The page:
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Chicano NationsThe Hemispheric Origins of Mexican American Literature$
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Marissa K. Lopez

Print publication date: 2011

Print ISBN-13: 9780814752616

Published to NYU Press Scholarship Online: March 2016

DOI: 10.18574/nyu/9780814752616.001.0001

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More Life in the Skeleton

More Life in the Skeleton

Caballero and the Teleology of Race

(p.120) 4 More Life in the Skeleton
Chicano Nations

Marissa K. López

NYU Press

This chapter focuses on the difference between the lived experience of race and the political expediency of racial abstraction. It begins by analyzing two different artistic renderings of a skeleton present in Jovita González and Eve Raleigh's novel Caballero. The artistic differences described by the narrators articulate the significance of race, a project taken up also by José Vasconcelos in his essay “La razacósmica” (1925). Vasconcelos is concerned with the future possibility of race; he sees mestizaje (racial mixing) as the key to human improvement and is not concerned with what it means to actually live as amestizo. Like “La razacósmica,” Caballero, is mostly read as making elitist and assimilationist arguments about race and nation because it critiques Mexican nationalism and does not reflect an easily oppositional Chicana/o politics. The chapter reads Caballero in the context of Vasconcelos' essay in order to highlight both texts' internationalist arguments.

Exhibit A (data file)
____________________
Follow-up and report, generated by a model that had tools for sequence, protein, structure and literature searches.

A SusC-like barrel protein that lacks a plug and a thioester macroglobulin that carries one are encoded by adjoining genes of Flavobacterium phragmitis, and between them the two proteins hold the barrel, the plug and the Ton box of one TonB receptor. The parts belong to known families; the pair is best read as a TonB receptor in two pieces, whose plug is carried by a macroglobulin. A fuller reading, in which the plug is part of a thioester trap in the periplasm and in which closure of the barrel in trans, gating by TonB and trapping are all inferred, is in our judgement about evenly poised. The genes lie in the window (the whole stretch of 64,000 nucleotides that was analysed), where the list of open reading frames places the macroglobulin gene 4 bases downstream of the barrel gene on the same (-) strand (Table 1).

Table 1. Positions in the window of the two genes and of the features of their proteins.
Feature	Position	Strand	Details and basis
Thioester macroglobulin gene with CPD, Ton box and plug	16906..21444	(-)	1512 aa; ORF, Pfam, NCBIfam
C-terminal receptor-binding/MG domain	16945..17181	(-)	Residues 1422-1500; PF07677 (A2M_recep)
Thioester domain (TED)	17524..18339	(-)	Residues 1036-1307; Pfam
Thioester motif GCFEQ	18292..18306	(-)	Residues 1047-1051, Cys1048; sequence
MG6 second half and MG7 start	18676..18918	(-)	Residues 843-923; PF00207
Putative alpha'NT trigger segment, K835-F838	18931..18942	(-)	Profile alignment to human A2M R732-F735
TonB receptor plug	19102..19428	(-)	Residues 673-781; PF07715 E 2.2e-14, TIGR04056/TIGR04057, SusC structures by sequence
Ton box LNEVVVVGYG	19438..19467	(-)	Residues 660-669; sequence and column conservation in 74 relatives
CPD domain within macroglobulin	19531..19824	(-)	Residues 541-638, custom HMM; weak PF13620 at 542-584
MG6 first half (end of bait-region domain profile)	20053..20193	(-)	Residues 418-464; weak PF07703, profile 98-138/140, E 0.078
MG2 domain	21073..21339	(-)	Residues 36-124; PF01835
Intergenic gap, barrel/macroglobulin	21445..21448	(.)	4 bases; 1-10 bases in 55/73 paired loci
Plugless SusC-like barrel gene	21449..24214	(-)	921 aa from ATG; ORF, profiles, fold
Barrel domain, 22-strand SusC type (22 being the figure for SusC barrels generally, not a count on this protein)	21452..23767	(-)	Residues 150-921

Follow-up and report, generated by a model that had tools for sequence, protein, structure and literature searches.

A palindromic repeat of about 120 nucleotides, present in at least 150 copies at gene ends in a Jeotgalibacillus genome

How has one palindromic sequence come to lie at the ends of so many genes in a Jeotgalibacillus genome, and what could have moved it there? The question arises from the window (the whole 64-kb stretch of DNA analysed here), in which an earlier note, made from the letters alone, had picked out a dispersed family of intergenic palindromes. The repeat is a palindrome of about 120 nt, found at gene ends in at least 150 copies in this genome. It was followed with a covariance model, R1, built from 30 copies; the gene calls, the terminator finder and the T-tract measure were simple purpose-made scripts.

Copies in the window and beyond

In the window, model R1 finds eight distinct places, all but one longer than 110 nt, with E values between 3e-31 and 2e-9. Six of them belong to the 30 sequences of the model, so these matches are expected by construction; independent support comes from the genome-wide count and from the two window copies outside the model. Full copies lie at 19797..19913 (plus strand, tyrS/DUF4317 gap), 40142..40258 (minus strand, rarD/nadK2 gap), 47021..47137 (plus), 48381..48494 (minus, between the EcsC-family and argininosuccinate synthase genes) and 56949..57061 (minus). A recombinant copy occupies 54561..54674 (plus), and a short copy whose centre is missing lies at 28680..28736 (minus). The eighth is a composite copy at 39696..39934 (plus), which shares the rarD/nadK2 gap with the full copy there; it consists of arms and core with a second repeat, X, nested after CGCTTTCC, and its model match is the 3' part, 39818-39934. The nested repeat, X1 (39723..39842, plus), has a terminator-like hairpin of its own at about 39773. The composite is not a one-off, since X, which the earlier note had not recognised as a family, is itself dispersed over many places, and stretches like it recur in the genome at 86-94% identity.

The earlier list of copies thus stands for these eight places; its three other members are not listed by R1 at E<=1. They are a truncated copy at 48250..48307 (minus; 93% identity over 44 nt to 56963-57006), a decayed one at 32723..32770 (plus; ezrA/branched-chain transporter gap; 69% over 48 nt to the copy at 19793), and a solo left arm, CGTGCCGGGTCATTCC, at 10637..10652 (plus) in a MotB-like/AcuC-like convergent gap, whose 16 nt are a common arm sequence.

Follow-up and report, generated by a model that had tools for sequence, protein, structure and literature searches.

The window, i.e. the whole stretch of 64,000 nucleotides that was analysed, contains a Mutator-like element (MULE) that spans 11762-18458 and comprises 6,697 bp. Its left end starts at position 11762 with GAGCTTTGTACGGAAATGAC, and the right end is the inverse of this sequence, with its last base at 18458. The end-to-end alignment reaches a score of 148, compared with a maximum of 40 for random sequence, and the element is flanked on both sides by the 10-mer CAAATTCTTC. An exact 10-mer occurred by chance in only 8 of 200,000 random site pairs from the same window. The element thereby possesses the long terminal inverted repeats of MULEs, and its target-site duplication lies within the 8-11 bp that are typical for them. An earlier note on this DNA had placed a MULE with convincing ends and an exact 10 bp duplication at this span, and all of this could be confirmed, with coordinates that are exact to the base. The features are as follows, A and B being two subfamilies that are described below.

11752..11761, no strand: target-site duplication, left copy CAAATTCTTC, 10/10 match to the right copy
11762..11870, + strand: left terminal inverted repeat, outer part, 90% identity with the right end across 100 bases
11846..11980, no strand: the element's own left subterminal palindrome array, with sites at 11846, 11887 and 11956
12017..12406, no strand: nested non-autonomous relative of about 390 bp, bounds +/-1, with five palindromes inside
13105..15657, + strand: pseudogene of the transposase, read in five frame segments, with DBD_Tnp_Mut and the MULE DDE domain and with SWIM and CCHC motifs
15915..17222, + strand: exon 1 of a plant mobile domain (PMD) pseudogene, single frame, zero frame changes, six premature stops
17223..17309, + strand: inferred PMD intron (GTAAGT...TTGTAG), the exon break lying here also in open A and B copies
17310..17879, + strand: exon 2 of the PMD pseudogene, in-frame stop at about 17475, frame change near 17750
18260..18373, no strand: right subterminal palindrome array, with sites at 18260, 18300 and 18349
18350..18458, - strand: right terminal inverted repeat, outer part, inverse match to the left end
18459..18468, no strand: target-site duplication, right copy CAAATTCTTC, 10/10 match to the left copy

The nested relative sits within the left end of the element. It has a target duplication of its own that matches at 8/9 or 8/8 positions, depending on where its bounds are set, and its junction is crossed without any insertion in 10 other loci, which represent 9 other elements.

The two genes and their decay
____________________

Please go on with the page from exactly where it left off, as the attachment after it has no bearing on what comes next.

Keywords:   Caballero, La razacósmica, José Vasconcelos, race, lived experience, racial abstraction, Mexican nationalism, Chicana/o politics

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